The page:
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This article was published 6/2/2019 (310 days ago), so information in it may no longer be current.
The war of words between city hall and Broadway boiled over again this week, with the Pallister government rejecting accusations it owes Winnipeg close to $75 million and the city insisting it is being cheated by the province.
Municipal Relations Minister Jeff Wharton told a news conference Wednesday, in regards to $40 million in road project funding the City of Winnipeg claims it's owed, the province has "already paid."
Wharton then turned up the heat, accusing city hall of filing invoices for 100 per cent of work that was to be cost-shared on a 50-50 basis.+
On Friday, the city said the province is reneging on $74.4 million in funding on 2018 infrastructure projects, which might have to be made up through a one-time property tax increase, service cuts or staff layoffs.
Included in the alleged shortfall is $40 million in road spending and $34.4 million allocated to the north end sewage treatment plant project.
Manitoba committed, in writing in May, to provide city hall with $83.6 million in 2018 for capital infrastructure projects. City hall allocated $50 million of that amount to road work. However, Mayor Brian Bowman said last week the province now only wants to allocate $10 million to road work — but the $50 million has already been spent.
The $50 million figure stems from a 2014 commitment made by the former NDP government to give Winnipeg a total of $250 million over five years. Wharton insisted all of the $250 million has been paid out; the city said it is still owed $40 million.
Bowman met with reporters later Wednesday, and refused to back down.
The mayor said city hall’s budget process is open and public, adding the 2018 budget was approved in December 2017, and its spending plans for the year posted on the internet, with copies provided to the province.
Bowman said if the Pallister government had concerns over how city hall was spending infrastructure funding, it should have said something before the work was completed and the money spent.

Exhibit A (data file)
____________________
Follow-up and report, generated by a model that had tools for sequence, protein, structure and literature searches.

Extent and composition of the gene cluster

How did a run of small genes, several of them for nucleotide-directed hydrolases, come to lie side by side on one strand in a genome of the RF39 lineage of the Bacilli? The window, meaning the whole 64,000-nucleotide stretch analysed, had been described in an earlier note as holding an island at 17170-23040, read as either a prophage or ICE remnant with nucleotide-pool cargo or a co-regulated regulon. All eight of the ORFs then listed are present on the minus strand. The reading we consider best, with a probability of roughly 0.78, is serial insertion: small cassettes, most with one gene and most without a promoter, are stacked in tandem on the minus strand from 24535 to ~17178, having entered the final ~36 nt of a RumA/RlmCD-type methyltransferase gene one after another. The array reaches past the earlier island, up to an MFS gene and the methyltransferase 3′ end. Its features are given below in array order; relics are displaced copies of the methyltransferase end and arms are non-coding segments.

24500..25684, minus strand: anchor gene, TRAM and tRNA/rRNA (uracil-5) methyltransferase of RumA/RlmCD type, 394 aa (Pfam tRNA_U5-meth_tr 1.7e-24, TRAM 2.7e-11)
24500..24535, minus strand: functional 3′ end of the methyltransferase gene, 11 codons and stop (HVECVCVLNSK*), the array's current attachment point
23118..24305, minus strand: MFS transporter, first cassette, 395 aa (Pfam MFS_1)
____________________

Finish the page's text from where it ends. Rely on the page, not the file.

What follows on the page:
"The province is proposing, or directing, that their allocations be used in a different way now in 2019, and that’s the challenge we’re having," Bowman said. "It’s the retroactive nature of what we’re dealing with that poses the most significant challenge for us."
The mayor said Wharton’s claim of city hall fudging invoices is a smokescreen, adding any concerns on billing should be dealt with between officials. "That’s something that can be dealt with administratively. What we’re dealing with is much more significant."
Bowman last week also raised concerns province wants to use $34.4 million set aside to help cover the cost of upgrades to the north end sewage treatment plant for its share of the Waverley Street rail underpass and other projects, without giving city hall any assurances the funds would be reimbursed.
Wharton said work on the treatment plant remains in the planning stages, and the $34.4 million has sat in a bank account for years and could remain unspent for several more years.
"The project is not close to happening," the minister said, adding it would be better to spend the money now.
"Unfortunately, our proposal has been distorted into public suggestions that using that money for other projects would somehow create a budget shortfall for the City of Winnipeg of $34.4 million."
Bowman said the Pallister government keeps revising its accounting of funding to the city, repeatedly describing it as "a moving target."
"It is moving by the day, when we look at the correspondence that we’re receiving from the provincial government," he said.
While it appears the two levels are at loggerheads, Bowman said he’s confident a face-to-face meeting with Premier Brian Pallister would resolve the complicated financial situation.
The mayor said he’s requested a personal meeting with the premier, but the province hasn’t yet responded.
Members of city council were given a briefing on the situation Wednesday, and the finance committee is dealing with the situation at its Thursday meeting.
Aldo Santin is a veteran newspaper reporter who first carried a pen and notepad in 1978 and joined the Winnipeg Free Press in 1986, where he has covered a variety of beats and specialty areas including education, aboriginal issues, urban and downtown development. Santin has been covering city hall since 2013.
Larry Kusch didn’t know what he wanted to do with his life until he attended a high school newspaper editor’s workshop in Regina in the summer of 1969 and listened to a university student speak glowingly about the journalism program at Carleton University in Ottawa.